The current caretaker government has set a precedent in dealing the politicians who have established reputations in corruption or have been perceived to be corrupt. The efforts were initially seen as cleaning up the politicians’ mess. But it is setting a dangerous precedent for the future. Similarly, the amount of policy decisions they are taking without clear constitutional legitim- macy is setting an alarming precedent that our constitution can be ignored as long as you can claim the people are with you.

The government has tried to engineer the reform process and break up the political parties. With the falling popularity of the government, these reformers are increasing being seen as the latest in the turncoat politicians that the country has seen. In the process, the government has successfully managed to completely disengage the majority of the parties and their grassroots workers.

Given the issues of legitimacy, this government will simply be unable to govern without addressing the issues above. Nothing short of a wholesale change in government policy will actually do that.

Lessons from Iraq and Nepal
The current political mess in Iraq began when the United States banned all members of the Ba’ath party from the new government, as well as from public schools and colleges. Under the previous rule of the Ba’ath party, one could not reach high positions in the government or in the schools without becoming a party member. So by excluding the Baathists, US designed ways to block many experienced and able people to participate in the new government. By the time, they reversed this policy, it was far too late and the political vacuum was filled by far more dangerous extremist elements in the country. The present regime in Bangladesh, has successfully portrayed politics to be a dirty word and decided to leave the politicians out of the process of cleaning up their “mess.” But the end result of this might not be a new set of clean political leaders, but possibly rather sporadic violent protests and the political land grabbing of opportunists like Jamaat-e-Islami,

As the government claims that conspiracies by the “evil-doers” from the political parties caused the unrest a few months ago, it is also tacitly accepting that the political parties are capable of shutting the country down completely as well.

Is nation building for the supposed new era possible without the millions of people that support the mainstream BNP and Awami League? Without venues for expressing dissent, the response from these groups is bound to become increasingly violent if they are not brought in as stakeholders in the process. Similarly, political parties must try to engage in meaningful conversation with the powers that be. In this context, a meaningful national dialogue is in the best interest of the country to come up with a roadmap towards a functional democracy with all the key parties having a stake.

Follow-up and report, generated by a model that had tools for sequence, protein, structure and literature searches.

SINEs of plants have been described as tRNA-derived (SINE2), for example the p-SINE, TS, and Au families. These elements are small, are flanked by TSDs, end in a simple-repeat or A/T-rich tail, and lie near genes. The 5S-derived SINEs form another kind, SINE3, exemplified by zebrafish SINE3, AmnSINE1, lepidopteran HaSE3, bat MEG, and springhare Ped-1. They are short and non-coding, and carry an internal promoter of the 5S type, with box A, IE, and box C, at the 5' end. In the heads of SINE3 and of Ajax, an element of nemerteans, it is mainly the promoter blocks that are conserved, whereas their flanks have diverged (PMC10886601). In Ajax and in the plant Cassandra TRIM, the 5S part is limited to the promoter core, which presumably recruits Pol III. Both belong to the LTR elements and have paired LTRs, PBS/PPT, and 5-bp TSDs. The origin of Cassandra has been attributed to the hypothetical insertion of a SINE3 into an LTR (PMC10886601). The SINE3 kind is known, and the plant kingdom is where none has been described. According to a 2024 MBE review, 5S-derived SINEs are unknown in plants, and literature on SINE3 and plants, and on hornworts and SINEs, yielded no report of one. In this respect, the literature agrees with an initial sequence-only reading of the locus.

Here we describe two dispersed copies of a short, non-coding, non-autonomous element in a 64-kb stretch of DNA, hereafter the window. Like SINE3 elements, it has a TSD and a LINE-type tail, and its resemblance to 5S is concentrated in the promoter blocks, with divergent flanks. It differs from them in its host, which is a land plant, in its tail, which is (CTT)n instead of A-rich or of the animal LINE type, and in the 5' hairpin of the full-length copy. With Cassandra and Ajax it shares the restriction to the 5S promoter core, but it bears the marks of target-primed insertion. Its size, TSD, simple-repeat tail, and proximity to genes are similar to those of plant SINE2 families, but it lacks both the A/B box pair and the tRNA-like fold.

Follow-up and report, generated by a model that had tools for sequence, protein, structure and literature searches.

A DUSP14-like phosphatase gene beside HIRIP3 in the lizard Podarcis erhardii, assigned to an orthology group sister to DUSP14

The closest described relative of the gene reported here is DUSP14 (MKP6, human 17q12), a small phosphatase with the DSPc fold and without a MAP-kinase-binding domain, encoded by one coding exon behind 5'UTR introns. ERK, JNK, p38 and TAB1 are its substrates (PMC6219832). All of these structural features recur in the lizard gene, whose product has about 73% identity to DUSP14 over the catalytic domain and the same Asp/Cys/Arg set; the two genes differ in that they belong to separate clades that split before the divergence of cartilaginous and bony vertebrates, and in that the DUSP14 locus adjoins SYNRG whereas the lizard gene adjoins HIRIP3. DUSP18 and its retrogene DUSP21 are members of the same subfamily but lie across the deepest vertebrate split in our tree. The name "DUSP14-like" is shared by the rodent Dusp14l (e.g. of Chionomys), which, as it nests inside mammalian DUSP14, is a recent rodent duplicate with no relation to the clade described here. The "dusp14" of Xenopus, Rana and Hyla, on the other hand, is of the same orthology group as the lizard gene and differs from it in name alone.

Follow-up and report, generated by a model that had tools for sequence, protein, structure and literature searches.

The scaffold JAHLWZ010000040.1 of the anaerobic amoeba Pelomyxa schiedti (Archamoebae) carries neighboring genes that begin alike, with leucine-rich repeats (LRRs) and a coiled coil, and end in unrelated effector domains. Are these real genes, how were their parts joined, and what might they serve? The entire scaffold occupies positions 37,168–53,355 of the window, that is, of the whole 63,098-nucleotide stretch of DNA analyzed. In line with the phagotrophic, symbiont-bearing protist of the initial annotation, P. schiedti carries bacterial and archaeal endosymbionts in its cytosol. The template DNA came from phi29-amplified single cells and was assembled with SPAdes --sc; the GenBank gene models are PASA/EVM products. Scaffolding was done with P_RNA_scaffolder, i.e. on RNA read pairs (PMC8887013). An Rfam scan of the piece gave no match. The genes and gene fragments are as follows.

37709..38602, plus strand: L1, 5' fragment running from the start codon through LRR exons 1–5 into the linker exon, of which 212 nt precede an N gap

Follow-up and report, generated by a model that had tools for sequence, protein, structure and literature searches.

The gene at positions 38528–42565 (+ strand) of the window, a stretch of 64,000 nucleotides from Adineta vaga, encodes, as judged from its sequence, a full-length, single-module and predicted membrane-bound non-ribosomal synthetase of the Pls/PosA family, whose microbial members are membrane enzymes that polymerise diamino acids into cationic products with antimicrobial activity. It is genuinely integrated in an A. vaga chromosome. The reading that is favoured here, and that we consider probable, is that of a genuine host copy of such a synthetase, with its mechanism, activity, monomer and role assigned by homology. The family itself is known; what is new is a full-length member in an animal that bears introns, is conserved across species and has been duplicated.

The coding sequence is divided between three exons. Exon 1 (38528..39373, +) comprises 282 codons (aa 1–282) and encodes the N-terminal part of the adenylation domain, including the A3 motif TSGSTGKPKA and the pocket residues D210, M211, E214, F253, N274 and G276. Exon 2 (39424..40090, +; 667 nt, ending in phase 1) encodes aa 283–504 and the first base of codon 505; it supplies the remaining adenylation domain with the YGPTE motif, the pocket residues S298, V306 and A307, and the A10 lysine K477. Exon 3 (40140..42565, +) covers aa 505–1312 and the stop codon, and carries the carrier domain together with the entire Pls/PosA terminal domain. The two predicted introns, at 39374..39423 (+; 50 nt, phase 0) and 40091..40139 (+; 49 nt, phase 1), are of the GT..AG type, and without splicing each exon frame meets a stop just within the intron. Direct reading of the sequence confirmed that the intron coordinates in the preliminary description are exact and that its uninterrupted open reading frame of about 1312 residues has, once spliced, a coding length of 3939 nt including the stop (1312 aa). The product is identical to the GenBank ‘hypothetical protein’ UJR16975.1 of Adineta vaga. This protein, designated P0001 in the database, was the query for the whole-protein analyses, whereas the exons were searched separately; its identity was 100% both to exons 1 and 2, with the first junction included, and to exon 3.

In order to make the political parties stakeholders in the process, we can suggest that the caretaker government should be revamped within the framework of the constitution to include politicians. Some of the advisers from the current lot should be replaced by members of key political parties. The trust between the government and the parties must be brought back. The main political parties along with all the stakeholders in the current government need to come together and sign a national accord to agree on keeping some of the existing reform agenda to be pushed after election by whoever is in power. We have examples of such agreement where in 1991 both BNP and AL agreed to revert to parliamentary democracy in 1991 after the election.

The national accord among other things can discuss having an election like the Nepal model to elect an assembly that may be in place for two years with a room to review the constitution and make amendments as necessary based on what worked and did not work in the past 16 years. Nepal is heading to election to elect a constituent assembly for two years, that will decide the future of monarchy in the country among other things. Not only they are resolving the long-standing Maoist problem by bringing them into the political process, they also are forming a truth commission for all the minority communities to come together and form a constitution where the rights of all these groups are well protected.

Similarly, Bangladesh also can elect a constituent assembly which will be responsible for implementing solutions for the long-standing issues that have plagued our country. This will implement further reforms agreed to by all the parties and further strengthen reform and institution building for the following two years with a much needed legitimacy in their actions.

Post 1/11, the country looked forward to a new kind of politics. Unfortunately, due to some poor decision making, the country is headed for the same old confrontational politics and election boycotting. It is time to throw the challenge back to all the groups to show some vision and far-sightedness.

On one hand we need to admit, the politics and democracy practiced in the last fifteen years had flaws and on the other hand we must acknowledge politicians are key stakeholders in our future progress and bypassing them forcibly will only bring more chaos and unwanted results. So let’s have national unity and regeneration as the key goal towards any future settlement in order to see that Resurgent Bangladesh that we all envision.

On agflation

Jyoti Rahman

Published in the Forum (November 2007)

Rising food price inflation is a major, perhaps the most important, economic issue facing the country. But it’s not only in Bangladesh where food prices are rising. It’s a global phenomenon that the Economist has dubbed agflation.1 There are macro and microeconomic reasons behind agflation, and policies to combat it will have to take these factors into account.

Let’s start with the global reasons. There are three reasons behind the global agflation. First, concerns about the effects of climate change have resulted in a rapid rise in the demand for bio-fuel whose production relies on corn. This has led to rises in the price of corn and its substitutes like wheat and other grains. Second, rapidly rising prosperity in poorer countries, particularly India and China, are raising global demand for food products, and are thus fuelling price rises. Continue reading

Where Deshantori ends, Phiriye Ano Bangladesh begins

Mridul Chowdhury  

Published in the Forum (August 2007) 

The writer reflects upon what he learned making the film and in attending screenings of it in several cities across the world

One boat, 42 lives; 17 dead, 25 waiting to die — they have been floating on the sea for about 10 days without food or water. One looks at another as potential “food” and wonders which part of a dead-body may be easier to swallow, while another uses his last breath to look for something sharp enough to cut up a dead-body.

This was the experience that a group of young Bangladeshis had to go through as they undertook an illegal journey in early 2005 to reach Spain. Continue reading